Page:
JERUSALEM (JTA) — Sixty-three immigrants from Ethiopia made their long-awaited arrival in Israel.
The newcomers, the first from the African nation in three years, were surrounded by family members from the Ethiopian-Israeli community after they touched down at Ben Gurion International Airport on Sunday night.
Some 9,000 Ethiopians who claim Jewish descent, or Falash Mura, remain in the country awaiting their opportunity to come to Israel. About 100 new Ethiopian immigrants are expected to arrive each month.
In 2013, Israel’s Interior Ministry approved the immigration of the remaining Falash Mura, and the Knesset last November unanimously approved a plan to bring them over following a public campaign launched by the nation’s Ethiopian community and volunteer organizations. But the plan did not deal with the finances, which include the long-term costs of acclimating the immigrants.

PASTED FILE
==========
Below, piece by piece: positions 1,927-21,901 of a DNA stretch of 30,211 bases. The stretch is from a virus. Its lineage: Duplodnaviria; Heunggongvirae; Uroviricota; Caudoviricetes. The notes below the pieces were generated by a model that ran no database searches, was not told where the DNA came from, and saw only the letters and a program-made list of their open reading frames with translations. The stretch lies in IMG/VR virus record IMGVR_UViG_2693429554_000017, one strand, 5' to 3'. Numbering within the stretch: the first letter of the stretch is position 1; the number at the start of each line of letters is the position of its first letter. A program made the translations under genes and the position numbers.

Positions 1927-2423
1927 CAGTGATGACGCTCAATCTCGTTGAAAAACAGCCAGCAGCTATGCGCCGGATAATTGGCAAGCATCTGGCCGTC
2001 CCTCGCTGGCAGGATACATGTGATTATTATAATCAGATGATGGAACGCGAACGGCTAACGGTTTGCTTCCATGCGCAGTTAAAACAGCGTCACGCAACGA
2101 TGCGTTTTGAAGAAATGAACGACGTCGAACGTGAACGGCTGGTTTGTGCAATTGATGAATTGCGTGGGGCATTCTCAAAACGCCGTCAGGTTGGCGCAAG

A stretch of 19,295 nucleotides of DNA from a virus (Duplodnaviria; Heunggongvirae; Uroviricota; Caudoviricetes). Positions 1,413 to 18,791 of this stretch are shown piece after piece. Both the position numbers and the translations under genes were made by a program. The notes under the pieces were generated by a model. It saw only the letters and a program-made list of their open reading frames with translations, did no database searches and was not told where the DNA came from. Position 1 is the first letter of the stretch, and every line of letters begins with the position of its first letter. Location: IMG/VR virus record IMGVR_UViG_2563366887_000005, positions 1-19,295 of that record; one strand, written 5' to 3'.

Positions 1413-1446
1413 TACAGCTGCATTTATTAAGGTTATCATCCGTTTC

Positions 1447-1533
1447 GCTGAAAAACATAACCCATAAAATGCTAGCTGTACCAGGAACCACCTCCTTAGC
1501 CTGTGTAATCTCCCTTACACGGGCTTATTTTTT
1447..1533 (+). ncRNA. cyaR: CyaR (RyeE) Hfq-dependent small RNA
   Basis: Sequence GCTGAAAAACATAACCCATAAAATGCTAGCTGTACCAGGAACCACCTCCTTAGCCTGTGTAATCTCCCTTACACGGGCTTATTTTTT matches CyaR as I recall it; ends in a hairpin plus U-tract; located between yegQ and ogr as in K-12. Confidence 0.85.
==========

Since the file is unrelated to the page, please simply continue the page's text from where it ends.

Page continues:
An agreement to find money in the budget for the aliyah of the Falash Mura was signed in April.
The Falash Mura claim links to descendants of Jews who converted to Christianity generations ago but now seek to return to Judaism. The Interior Ministry accepts them as immigrants under the Law of Return, which is less restrictive than halachah, or traditional Jewish law.
About 135,000 Jews of Ethiopian descent are living in Israel. Some 22,000 Ethiopian Jews were airlifted to Israel during Operation Moses in 1984 and Operation Solomon in 1991.
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